Meanwhile, here’s this week’s arts and culture column:
Tove Jansson (1914-2001), a Swedish-speaking Finnish writer and artist, is perhaps best known as the creator of the Moomins. These impish creatures and their adventures, featured in the numerous books that Jansson wrote and illustrated, have delighted children worldwide.
Born in Helsinki, Jansson was raised and formed by bohemian parents. Her father sculpted. Her mother, a painter, did illustrations for Garm, one of the few bravely anti-Fascist magazines in Finland in the years leading up to World War II.
She studied art in Stockholm, Helsinki, and Paris. Her love life was, let’s say, eventful.
In the summer of 1953, Jansson was commissioned to paint the altarpiece of Finland’s Teuva Church. The result was the “Ten Virgins” altarpiece, the only altar of her career. “I feel very competent when I glue gold,” she remarked of the project.
At the time, she was working on the book “Moominsummer Madness.” But the Moomins didn’t bring me to Jansson. What did was a strange and singular work called “The Summer Book,” written in 1972.
The story takes place on a small island over the space of a summer. There are other characters — a mostly absent father, an obnoxious child named Berenice. But the main action is between 6-year-old Sophia and her grandmother.
Here’s how the book, delectably, begins:
It was an early, very warm morning in July, and it had rained during the night. The bare granite steamed, the moss and crevices were drenched with moisture, and all the colors everywhere had deepened. Below the veranda, the vegetation in the morning shade was like a rainforest of lush, evil leaves and flowers, which she had to be careful not to break as she searched. She held one hand in front of her mouth and was constantly afraid of losing her balance.
“What are you doing?” asked little Sophia.
“Nothing,” her grandmother answered. “That is to say,” she added angrily, “I’m looking for my false teeth.”
The evil leaves, the angry grandmother, the erring teeth: this is a story that will be neither sentimental nor precious.
The sentence around which the book pivots is at the top of the second chapter, “Moonlight”: “One time in April there was a full moon, and the sea was covered with ice. Sophia woke up and remembered that they had come back to the island and that she had bed to herself because her mother was dead.”
Sophia, in other words, has just lost a mother and the grandmother has just lost a daughter.
That “one time in April” places us in the realm of fairy tale, outside time and earthly place. We are invited to suspend disbelief. We have entered the land of the subconscious.
The death is never mentioned again. That loss—and that presence—is the silent bass note that throbs throughout.
In fact, Jansson had lost her own mother the year before she began writing the book.
Sophia and the grandmother adore each other, depend on each other, tramp the bogs, garden, and explore together. They also distrust, hide things from, and fight, sometimes violently, with each other.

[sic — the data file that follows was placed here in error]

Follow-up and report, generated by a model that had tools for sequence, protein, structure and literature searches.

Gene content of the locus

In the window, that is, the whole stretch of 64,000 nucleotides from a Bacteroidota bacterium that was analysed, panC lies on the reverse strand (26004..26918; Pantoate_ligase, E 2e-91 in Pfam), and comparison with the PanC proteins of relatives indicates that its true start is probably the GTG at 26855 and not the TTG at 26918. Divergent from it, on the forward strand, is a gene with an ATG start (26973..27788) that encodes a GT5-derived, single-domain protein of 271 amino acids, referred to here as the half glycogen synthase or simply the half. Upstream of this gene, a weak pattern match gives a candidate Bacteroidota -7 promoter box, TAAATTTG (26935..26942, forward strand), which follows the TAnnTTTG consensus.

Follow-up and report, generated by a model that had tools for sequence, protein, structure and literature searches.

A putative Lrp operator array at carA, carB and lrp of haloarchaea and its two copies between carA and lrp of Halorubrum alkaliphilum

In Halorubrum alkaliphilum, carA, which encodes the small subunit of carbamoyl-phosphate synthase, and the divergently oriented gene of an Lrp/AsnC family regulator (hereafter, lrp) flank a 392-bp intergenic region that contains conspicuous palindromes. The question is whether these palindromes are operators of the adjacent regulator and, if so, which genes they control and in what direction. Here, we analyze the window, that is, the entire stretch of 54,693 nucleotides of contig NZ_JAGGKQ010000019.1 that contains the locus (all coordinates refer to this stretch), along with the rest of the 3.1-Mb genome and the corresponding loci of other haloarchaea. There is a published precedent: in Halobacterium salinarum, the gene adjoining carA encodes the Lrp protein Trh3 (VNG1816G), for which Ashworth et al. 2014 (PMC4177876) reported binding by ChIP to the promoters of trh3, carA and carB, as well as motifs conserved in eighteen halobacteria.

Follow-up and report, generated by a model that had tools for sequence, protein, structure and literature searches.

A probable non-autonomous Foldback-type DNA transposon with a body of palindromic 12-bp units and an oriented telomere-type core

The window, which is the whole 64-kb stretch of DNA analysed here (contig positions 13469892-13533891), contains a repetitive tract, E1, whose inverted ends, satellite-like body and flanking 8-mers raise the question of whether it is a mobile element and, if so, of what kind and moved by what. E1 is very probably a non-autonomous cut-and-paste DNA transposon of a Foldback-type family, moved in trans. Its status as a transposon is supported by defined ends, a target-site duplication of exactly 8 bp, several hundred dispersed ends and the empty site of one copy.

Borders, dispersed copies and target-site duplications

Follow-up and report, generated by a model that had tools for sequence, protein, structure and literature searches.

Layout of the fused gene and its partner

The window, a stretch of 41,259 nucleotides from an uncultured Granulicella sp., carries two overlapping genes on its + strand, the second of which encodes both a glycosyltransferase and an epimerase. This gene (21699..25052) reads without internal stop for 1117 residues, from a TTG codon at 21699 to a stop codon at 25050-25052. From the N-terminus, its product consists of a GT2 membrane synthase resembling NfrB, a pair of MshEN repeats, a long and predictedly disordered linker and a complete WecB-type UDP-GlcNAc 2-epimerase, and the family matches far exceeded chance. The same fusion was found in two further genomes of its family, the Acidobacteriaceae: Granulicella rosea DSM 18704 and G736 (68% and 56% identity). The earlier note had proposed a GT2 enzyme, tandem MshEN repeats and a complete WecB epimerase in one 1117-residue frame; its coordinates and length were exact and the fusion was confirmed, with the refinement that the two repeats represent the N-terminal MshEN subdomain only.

Jansson’s genius is to capture the rhythms, silences, non sequiturs, hidden conflicts, irrational outbursts, and unspoken love that flow between any two people in intimate human relationship.
At one point, for example, out walking the shore before dawn, the grandmother and Sophia come upon a promontory and Sophia dares herself to go swimming in the cold, deep water below. She half-expects opposition, but none is forthcoming. Sophia “glanced at her grandmother—you can’t depend on people who just let things happen.” So Sophia takes the plunge—while the grandmother, seemingly indifferent but really wanting to give the child room to risk, keeps silent counsel. As the two walk back to the house, the point-of-view switches: “When we get home…I think I’ll take a little nap. And I must remember to tell [Sophia’s father] this child is still afraid of deep water.”
Sophia and her grandmother build a model city of Venice in a marsh pond, sleep in a tent, plant flower bulbs, and fashion bark boats. The grandmother sneaks clandestine cigarettes; Sophia fetches her matches.
In one chapter the pair, out in their dory, go ashore a neighboring island where a nouveau riche outsider has built a house. “No well-bred goes ashore on someone else’s island when there’s no one home,” the grandmother explains. “But if they put up a [No Trespassing] sign, then you do it anyway, because it’s a slap in the face.”
In another passage Verner, an old suitor of the grandmother’s, pays a visit. Hat in hand, he is courtly, shy, and clearly still head over heels in love. Again, Jansson captures the awkward silences, the lurching starts and stops, the tragicomic relationships that might have been but for the chance of a tiny wound, a word, the weather on a particular day. The grandmother stands her ground, bluster covering her own deep feelings.
The book (translated by Thomas Teal), was re-issued in 2008 by The New York Review of Books. In the Introduction, Kathryn Davis observes:
“The subject is death, the death of the mother, the beloved. It is like nothing, nor does it leave you whole.”